JM: I do not believe in entertainment in teaching, during the holy time information is being transferred from one person to another. I do believe in engagement, however, and there is one crucial distinction that separates the two: the content of the emotionally competent stimulus (“hook”). If the story/anecdote/case-history is directly relevant to the topic at hand (either illustrating a previously explained point or introducing a new one), the student remains engaged. Cracking a joke for the sake of a break, or telling an irrelevant anecdote at a strategic time is a form of patronizing, and students everywhere can detect it, usually with resentment, inattention or both.

Do you think the size of a classroom has any effect on students ability to  pay attention? Does Posner’s model of attention change if we are alone in conversation, vs. in an audience of 99 other people listening to a lecture?

I don’t think the size of the classroom has anything to do with the functional neural architecture proposed by Posner, but there is a universe of difference in how it behaves. The behavior has to do with our confounded predilection for socializing. People behave very differently in large crowds than they do in small crowds or even one on one. Very different teaching strategies must be deployed for each.

Bligh’s book “What’s the use of Lectures?” identifies 18-25 minutes, based on his assesment of psychology studies, as the key breakpoint for human attention in classrooms. Whether it’s 10 or 25, why do you think so few  schools or training events use these sized units as the structure for their days, or their lessons?

I don’t know why schools don’t pay attention to attention. Perhaps it is a lack of content knowledge. If I had my way,  every teacher on the planet would take two courses: First, an acting course, the only star in the academic firmament capable of teaching people how to manipulate their bodies and voices i to project information. Second, a cognitive neuroscience course, one that teaches people how the brain learns, so teachers can understand that such projections follow specific rules of engagement.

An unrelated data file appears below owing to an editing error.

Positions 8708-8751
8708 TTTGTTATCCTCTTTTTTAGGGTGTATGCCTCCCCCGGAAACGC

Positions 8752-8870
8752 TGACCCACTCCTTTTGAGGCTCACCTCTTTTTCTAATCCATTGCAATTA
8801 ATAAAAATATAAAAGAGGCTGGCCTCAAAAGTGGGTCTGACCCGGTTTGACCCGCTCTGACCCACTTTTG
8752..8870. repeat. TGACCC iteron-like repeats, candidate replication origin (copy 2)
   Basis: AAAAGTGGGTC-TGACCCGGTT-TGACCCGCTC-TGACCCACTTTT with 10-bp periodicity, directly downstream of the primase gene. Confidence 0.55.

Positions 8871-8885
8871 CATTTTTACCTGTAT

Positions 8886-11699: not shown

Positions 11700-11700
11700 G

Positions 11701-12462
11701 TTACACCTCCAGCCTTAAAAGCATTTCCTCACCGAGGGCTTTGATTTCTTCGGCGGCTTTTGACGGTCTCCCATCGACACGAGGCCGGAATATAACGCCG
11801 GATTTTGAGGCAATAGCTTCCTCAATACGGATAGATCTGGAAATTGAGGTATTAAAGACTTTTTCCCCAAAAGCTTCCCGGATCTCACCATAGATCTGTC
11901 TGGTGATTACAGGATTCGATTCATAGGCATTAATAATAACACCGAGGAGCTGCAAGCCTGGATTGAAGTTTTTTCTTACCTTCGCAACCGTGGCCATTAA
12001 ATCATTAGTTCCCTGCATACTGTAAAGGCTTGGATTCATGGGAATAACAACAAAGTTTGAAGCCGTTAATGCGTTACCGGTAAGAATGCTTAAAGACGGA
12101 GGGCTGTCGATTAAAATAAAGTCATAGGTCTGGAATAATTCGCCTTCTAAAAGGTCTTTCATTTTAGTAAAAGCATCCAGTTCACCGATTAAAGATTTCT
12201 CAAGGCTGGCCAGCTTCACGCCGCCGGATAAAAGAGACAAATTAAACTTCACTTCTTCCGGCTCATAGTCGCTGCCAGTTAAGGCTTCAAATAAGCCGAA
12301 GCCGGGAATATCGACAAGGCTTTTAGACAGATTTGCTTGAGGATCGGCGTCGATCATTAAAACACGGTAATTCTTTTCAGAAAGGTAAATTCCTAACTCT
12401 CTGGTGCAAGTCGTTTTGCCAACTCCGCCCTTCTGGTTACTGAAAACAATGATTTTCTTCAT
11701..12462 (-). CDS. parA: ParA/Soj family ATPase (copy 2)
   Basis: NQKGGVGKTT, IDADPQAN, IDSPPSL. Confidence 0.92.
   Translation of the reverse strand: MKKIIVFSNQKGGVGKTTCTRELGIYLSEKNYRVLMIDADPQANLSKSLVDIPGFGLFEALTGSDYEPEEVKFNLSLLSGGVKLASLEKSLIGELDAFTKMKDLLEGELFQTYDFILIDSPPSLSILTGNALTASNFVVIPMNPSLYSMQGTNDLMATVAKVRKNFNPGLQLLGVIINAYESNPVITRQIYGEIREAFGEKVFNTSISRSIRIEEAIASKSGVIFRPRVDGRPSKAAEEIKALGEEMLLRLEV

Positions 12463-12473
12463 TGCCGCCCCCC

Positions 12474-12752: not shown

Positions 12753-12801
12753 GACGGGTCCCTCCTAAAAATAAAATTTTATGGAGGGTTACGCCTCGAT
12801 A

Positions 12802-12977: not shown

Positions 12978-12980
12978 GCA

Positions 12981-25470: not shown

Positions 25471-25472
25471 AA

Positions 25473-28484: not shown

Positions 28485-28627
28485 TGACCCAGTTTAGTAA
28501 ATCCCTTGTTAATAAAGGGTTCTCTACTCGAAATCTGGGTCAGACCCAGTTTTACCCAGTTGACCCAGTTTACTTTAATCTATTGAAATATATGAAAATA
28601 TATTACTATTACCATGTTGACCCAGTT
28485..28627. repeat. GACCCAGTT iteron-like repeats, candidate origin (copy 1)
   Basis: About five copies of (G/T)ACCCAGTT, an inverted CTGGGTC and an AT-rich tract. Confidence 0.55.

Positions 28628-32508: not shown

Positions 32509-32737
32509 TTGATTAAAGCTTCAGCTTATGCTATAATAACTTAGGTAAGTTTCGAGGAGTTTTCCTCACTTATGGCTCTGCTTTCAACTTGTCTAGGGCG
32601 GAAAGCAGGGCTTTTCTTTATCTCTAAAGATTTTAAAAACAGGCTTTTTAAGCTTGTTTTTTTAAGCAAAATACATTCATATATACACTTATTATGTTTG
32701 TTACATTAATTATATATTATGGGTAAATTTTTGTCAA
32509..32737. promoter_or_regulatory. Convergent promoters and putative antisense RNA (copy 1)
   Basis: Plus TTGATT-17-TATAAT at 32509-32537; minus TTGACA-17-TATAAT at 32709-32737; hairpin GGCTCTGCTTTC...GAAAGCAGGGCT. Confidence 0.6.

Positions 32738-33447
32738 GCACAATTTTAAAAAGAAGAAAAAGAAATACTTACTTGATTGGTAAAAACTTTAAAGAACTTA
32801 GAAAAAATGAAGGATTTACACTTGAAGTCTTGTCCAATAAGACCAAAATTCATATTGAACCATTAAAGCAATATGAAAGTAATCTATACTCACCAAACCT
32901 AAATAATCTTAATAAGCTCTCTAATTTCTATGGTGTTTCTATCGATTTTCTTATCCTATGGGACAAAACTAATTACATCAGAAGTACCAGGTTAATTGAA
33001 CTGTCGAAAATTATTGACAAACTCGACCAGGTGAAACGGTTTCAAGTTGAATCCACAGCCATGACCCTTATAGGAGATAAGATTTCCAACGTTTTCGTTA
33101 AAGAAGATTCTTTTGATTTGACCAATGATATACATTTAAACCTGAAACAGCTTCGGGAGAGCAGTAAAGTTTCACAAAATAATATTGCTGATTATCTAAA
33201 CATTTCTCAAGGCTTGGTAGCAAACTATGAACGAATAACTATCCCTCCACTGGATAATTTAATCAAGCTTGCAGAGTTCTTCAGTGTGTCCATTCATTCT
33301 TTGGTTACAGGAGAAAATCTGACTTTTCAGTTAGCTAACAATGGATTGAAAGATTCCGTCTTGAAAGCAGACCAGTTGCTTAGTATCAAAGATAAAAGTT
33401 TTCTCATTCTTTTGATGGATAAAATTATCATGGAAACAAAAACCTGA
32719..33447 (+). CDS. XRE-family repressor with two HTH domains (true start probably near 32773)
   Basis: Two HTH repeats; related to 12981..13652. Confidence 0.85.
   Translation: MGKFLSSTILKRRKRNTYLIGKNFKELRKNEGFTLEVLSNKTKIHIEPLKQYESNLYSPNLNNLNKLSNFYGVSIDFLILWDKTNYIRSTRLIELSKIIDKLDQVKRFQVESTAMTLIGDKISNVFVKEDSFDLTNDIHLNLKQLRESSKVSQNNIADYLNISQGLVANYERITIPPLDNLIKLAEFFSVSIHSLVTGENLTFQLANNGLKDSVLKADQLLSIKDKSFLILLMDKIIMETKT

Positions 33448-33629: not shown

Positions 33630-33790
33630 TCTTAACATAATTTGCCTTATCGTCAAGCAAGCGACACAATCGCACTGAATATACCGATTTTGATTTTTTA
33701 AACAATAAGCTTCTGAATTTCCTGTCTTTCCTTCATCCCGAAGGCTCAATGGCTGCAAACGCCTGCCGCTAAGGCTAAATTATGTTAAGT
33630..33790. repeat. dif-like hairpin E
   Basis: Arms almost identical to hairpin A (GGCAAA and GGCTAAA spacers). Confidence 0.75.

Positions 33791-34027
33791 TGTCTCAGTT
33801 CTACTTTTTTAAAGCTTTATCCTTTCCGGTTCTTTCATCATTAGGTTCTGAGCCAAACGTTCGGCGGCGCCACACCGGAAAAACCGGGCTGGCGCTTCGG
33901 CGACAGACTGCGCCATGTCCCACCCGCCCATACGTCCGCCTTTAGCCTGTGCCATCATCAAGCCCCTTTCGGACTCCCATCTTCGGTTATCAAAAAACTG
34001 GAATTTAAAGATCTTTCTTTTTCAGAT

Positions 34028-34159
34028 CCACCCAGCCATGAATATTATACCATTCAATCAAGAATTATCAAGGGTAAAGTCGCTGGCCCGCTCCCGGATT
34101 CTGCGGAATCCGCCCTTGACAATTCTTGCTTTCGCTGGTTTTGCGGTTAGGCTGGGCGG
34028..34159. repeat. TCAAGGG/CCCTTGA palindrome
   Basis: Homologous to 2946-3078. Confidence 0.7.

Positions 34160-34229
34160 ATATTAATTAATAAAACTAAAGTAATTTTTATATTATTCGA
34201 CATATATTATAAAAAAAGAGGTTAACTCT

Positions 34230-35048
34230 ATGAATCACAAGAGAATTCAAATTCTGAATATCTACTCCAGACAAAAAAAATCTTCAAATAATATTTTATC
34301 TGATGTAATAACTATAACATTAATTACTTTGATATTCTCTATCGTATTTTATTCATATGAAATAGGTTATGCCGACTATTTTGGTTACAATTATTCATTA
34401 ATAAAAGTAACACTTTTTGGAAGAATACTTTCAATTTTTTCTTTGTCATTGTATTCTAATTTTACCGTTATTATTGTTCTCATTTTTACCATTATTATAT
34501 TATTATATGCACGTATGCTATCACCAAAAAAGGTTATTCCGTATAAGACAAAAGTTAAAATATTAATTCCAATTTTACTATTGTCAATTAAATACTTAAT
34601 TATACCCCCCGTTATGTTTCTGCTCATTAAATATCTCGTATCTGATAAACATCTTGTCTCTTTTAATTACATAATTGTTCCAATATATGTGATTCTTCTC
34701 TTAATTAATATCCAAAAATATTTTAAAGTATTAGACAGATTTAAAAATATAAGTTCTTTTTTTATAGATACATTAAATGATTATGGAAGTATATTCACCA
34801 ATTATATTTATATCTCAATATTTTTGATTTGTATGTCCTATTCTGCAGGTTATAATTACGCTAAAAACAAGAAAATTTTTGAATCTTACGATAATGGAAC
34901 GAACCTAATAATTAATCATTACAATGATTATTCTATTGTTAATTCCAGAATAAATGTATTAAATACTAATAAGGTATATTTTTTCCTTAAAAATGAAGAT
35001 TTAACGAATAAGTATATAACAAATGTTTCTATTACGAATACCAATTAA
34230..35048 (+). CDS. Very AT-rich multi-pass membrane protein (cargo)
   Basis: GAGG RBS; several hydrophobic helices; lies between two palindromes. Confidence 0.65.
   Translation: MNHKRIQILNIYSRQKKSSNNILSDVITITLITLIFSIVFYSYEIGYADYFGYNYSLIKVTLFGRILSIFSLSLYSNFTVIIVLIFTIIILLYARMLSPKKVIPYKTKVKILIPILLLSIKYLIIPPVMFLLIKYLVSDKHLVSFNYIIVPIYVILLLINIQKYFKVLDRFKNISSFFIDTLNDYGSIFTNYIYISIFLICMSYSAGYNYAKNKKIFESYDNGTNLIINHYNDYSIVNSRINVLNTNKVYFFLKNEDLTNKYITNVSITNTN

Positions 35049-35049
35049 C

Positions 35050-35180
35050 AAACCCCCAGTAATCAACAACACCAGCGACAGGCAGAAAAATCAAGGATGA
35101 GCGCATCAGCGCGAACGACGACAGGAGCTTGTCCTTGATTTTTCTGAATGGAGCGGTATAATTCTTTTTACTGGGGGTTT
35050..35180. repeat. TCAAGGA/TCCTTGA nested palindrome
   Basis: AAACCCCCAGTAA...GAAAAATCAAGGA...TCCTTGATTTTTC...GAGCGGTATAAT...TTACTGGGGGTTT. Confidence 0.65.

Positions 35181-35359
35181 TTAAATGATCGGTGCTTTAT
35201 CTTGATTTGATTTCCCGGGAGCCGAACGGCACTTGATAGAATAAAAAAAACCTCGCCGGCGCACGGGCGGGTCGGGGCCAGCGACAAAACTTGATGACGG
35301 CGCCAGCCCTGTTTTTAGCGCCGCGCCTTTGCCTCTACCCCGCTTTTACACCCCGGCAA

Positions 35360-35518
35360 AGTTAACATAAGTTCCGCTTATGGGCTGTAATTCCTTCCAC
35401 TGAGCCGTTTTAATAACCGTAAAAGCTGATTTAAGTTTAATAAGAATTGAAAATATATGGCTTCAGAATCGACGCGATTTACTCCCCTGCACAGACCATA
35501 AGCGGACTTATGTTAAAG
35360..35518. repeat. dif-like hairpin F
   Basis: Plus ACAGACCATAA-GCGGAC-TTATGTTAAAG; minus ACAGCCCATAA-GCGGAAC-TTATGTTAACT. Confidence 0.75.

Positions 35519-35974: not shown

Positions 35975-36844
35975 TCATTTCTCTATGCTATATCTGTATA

Things not to say when speaking at Microsoft

by Scott | 4/11/2009 | 8 Comments »

I was invited to speak at Microsoft’s Asian Pacific Leadership conference last week, an internal employee only event, and spoke in the McKinley room to a swell crowd of about 300 people. It was a nice event – kudos to all the organizers.

At the end of the talk, late in Q&A, someone asked about schedule estimation. You know, tricks for how to better predict how long things take.

After hemming and hawing, I mentioned wideband delphi, a good technique for teams.

The gentleman asking the question looked confused. I asked the audience. No one had heard of it either.

So I then say the last thing you should say:

“Oh. Just Google it.”

The entire crowd gave me a good spirited “booooo”.   Had there been a list of 5 things not to say, other than to ask about Vista PR or Zune marketshare,  this would have been top of the list.

Which I thought was embarrassing, but funny. I find it funny when I do really innocent, but stupid things.  I apologized, and felt bad, but it is in it’s way, comedy. A few people yelled out “Live Search!” to try and help me out. But I’d already blown it.

Hey, this stuff happens, especially during the spontiniety of Q&A.